Beagleboard C4 mounting hole size and location, and nRESET

Hi All,

I just got my hands on a brand spanking new C4 BB a few days ago. I am
trying to make a daughter board
with peripherals. So I need to know the mounting hole size and
location. I looked through the BBSRM
pdf document. Even though it has the images of the board (the layers
of PCBs). It is still not clear there
the mounting holes, and relative location of the expansion header

How to finger out the mounting hole locations, size and relative
position of the 28 pin expansion header?

The pin 26 on the expansion is nRESET. I suppose it is an Output from
BB to reset circuits on the daughter
board. Is it true? The manual has it as

"The nRESET signal is the main board reset signal. When the board
powers up, this signal will act as an input to reset circuitry on the
expansion board. After power up, a system reset can be generated by
the expansion board by taking this signal low. This signal is a 1.8V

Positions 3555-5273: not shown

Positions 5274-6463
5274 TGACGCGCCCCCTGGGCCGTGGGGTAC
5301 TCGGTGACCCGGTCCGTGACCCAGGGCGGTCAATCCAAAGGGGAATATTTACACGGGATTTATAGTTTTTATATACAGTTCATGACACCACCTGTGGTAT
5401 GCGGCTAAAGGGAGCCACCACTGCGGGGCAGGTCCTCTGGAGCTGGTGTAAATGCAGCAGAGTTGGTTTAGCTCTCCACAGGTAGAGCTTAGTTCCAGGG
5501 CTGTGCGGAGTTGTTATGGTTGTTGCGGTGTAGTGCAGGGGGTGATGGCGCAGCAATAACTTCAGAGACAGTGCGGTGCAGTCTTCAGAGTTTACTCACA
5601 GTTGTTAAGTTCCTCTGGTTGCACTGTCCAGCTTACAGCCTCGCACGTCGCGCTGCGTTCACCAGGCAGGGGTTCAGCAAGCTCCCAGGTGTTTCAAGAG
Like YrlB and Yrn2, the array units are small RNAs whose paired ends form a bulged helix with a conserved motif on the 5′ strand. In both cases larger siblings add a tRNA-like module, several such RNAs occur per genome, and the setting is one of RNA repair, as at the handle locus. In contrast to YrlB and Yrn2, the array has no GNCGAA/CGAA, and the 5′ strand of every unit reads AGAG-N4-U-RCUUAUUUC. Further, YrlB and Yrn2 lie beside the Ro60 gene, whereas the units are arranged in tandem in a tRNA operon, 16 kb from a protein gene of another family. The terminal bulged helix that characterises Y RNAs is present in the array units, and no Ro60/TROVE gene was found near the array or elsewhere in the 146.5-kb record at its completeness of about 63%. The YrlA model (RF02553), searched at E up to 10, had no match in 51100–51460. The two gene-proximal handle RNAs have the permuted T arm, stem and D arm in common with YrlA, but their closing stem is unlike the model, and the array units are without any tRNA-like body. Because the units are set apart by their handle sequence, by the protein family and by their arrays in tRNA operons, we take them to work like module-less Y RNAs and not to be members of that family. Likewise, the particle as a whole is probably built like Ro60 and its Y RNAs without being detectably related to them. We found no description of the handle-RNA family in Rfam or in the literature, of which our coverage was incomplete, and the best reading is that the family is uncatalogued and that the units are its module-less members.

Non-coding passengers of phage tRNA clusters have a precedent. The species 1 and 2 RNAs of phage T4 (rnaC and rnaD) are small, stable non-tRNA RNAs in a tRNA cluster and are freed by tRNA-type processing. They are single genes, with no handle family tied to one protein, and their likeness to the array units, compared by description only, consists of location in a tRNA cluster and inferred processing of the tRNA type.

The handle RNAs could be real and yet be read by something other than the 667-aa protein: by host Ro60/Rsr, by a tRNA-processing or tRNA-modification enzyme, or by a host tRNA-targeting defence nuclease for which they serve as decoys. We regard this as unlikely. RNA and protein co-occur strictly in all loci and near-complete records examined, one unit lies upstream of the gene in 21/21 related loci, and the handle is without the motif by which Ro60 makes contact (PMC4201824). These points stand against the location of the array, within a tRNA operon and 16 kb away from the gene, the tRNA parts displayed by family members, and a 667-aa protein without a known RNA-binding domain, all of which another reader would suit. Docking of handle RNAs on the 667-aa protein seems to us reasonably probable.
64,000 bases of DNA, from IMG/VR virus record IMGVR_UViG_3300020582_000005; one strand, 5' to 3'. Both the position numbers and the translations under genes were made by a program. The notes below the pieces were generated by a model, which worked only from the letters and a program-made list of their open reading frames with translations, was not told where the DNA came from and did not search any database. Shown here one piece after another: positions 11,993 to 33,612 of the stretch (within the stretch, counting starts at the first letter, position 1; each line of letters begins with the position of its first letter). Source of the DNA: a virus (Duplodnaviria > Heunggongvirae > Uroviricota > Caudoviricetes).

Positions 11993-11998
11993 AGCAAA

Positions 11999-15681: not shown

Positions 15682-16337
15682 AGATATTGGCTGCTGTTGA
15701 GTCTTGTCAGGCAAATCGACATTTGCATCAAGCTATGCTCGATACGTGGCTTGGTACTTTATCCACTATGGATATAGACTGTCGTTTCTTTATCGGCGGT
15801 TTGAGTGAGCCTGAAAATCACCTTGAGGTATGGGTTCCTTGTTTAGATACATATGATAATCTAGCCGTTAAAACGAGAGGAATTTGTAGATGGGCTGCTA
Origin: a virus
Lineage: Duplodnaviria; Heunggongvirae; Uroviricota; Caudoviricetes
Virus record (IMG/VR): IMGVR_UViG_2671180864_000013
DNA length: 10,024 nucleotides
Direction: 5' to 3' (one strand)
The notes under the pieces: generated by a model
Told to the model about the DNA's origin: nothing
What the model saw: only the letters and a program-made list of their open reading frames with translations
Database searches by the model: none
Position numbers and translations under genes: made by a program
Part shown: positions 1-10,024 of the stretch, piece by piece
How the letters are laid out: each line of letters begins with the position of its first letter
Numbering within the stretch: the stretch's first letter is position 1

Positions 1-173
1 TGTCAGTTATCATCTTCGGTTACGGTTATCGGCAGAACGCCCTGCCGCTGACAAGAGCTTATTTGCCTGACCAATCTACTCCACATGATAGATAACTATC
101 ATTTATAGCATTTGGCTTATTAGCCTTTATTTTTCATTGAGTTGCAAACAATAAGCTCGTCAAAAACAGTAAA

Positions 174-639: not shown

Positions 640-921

level signal."

It seems also that the daughter board can use it to reset beagleboard?

Best regards,


All of this information is provided in the form of Gerber files and Allegro CAD files. There is a free PCB viewer that you can download from Cadence that will let you read the file. When it comes up, there is a whole chart that tells you the size of all of the holes on the board. You can also use the measuring feature of the tool, and get the location and spacing of the mounting holes.

Reset line is an input and and output. It is a tri-stated line that is driven by the TPS65950 via a tristate buffer. If you were to ground it at the expansion header, it will reset the board.


I am not aware of any ‘mounting holes’ (as in to hold the connectors, not the berg holes, which are of 0.1" pitch) for Beagle expansion. Also, the LCD connectors have a 0.05" pitch. You can either use the gerber files as suggested by Garald (that gives you the most accurate data), or for a quick check, you can use the Google Sketchup file of the Beagle board and measure the distances yourself (but remember, it might be prone to marginal error if you don’t do it 100% right).


The mounting holes are the big holes on each corner of the board.